|Aspects of Conworlding|
Conworlds, also known as constructed worlds, are fictional worlds characterized by elaborate detail, expansive scope, and generally attempts at plausibility. They may serve a variety of purposes, perhaps most often appearing as settings for fiction writing. In this capacity, they form the backbone for many more elaborately developed works of science fiction and fantasy. Conworlds may also serve as settings for role-playing games, or as artforms in themselves with no regard for using them as settings.
The interest in a conworld often lies in the concultures it contains; often these are cultures of humans, but many conworlders also delight in inventing non-human races. Some go further and populate their worlds with only non-human races, not including humans as we know them at all. Conworlding has much overlap with conlanging.
The art of conworlding has few firm rules beyond the requirement for æsthetic appeal and hosts considerable diversity in style and content. Conworlders agree, though, that projects should aim for rich and consistent detail and give the impression of living, breathing worlds that could plausibly exist. Other widely held, if not universal principles, include the following:
- Internal consistency - Well-made worlds should have clearly established ground-rules and follow them without exception. If the setting establishes that elves live forever, it should not introduce Elvish funeral homes without some very clever explanations. Often this extends to making the world consistent with real world scientific and anthropological knowledge where applicable. The best conworlders are also excellent researchers who study real life cultures and science to make their work more realistic and nuanced.
- Self-containment - For the most part, conworlders have prefered to make their worlds independent of our own. Most conworlds aim for internal completeness and self-reference giving the impression of worlds unrelated to our own. As such, they typically avoid allegories of issues in our own world and especially undiguised borrowings.
- Moral neutrality - Most conworlders frown on blatantly didactic settings with obvious divisions of good and evil. Creating conworlds as soapboxes for personal issues and ideological goals is considered especially bad form. Many worldbuilders prefer instead to distance their work from Western or personal notions of ethics altogether.
Note that none of these principles represent absolute rules and that plenty of perfectly viable conworlds violate them outright. Middle Earth, widely considered the magnum opus of conworlding, follows the personal ethics of Tolkien with razor-sharp moral clarity. Almea has a colony of Christians imported straight from 4th century Earth through a random miracle. Narnia abounds in allegorical allusions to our world as well as conspicuous borrowings from it. These principles reflect a descriptive rather than prescriptive account of conworlding.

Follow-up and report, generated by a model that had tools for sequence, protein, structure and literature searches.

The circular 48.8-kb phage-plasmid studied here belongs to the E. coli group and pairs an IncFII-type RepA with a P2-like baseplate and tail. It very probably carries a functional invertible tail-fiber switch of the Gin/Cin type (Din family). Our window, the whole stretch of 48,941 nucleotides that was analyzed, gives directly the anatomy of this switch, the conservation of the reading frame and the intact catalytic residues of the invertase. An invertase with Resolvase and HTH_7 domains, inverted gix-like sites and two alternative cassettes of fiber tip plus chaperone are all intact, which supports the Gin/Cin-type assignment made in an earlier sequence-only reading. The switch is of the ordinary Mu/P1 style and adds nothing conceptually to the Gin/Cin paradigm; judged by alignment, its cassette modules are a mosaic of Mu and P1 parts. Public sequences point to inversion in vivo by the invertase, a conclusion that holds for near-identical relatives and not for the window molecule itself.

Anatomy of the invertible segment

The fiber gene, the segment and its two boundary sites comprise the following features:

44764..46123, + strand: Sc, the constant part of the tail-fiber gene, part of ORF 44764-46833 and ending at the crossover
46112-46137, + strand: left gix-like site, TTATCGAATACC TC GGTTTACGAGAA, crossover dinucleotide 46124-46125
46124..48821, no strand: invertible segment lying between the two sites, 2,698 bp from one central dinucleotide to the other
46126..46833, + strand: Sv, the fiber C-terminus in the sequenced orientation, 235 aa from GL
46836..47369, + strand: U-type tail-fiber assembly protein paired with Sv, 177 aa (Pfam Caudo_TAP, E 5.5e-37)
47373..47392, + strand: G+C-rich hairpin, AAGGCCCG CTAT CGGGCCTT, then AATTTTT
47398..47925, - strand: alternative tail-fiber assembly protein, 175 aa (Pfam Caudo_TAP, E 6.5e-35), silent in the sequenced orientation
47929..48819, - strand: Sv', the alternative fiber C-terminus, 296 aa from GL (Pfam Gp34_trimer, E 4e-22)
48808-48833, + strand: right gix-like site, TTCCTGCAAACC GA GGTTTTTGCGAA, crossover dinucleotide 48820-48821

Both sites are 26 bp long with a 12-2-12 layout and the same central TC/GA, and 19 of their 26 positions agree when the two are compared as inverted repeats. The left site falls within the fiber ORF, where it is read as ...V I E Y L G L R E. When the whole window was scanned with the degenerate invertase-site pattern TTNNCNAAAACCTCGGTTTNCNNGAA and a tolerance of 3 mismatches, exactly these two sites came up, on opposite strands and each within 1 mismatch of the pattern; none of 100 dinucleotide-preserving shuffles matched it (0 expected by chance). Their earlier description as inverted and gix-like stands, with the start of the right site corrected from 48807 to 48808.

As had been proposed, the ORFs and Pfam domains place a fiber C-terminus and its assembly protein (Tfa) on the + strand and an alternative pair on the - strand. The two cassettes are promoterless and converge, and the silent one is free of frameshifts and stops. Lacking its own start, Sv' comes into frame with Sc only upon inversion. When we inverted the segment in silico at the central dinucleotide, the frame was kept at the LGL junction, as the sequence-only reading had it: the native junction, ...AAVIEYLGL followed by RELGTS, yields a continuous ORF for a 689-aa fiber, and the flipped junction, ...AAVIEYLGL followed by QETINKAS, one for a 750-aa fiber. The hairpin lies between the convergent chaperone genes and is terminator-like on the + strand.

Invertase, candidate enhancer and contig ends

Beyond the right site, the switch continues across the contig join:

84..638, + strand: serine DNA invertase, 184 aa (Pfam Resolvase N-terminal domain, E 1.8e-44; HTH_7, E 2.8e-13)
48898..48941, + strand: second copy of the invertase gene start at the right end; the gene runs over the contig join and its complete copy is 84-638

As with any artform, conworlding lends itself to numerous methods of division. Perhaps the most basic, paralleling the narrative roots of conworlding, divides worlds into science fiction and fantasy settings. Others prefer to classify worlds by how they differ from conventional reality:
The alternate Earth or alternate history conworld is the Earth we know, but with some part of its history altered. The interest then lies in seeing how things might have happened differently. Many works of science fiction essentially follow this approach, presenting the world as it might look after fictional history and scientific developments.
An Earth equivalent closely resembles Earth while differing from it in various (possibly superficial) ways. Its geography and history and to some extent even physics (for fantasy worlds) may be freely changed. Included in this category are extra continents or islands imagined as lying in parts of the Earth that are in reality covered by water; conworlds of this type often include interaction between the invented part and real countries.
The final, and broadest, type of conworld has no connection to Earth at all, but takes place on another planet or realm entirely. This type of conworld presents by far the greatest range of possibility. Sometimes the conworld is not a planet, but a moon orbiting a gas giant, or a generation ship in deep space, or some other hypothetical living space. In still more radical cases, the conworlder may dispense with physics and reality as we know them and opt for something quite unknown.
Many trace the art of conworlding to Tolkien, who created perhaps the most famous conworld of all, Middle Earth, as a setting for his Lord of the Rings and other works. His work set the standard for later conworlders with his emphasis on realistic language development and detailed history. It also gave rise to many tropes and trends that remain widespread in conworlding today, such as the ever popular Mediæval fantasy setting and races such elves.
More recently, the work of Mark Rosenfelder has inspired a new generation of conworlders.
For the most part, conworlders have pursued their work in a highly individual and private basis. Tolkien went so far as to call his projects a secret vice, which implies both the desire to keep them hidden and a certain shame. Undeniably, the hobby of conworlding represents a very introverted and even nerdy practice that does not typically lend itself to communal engage.
Some ideas like a united conworld have also come up, envisioning a conworld unified by many concultures of other people. It is still in its early stages.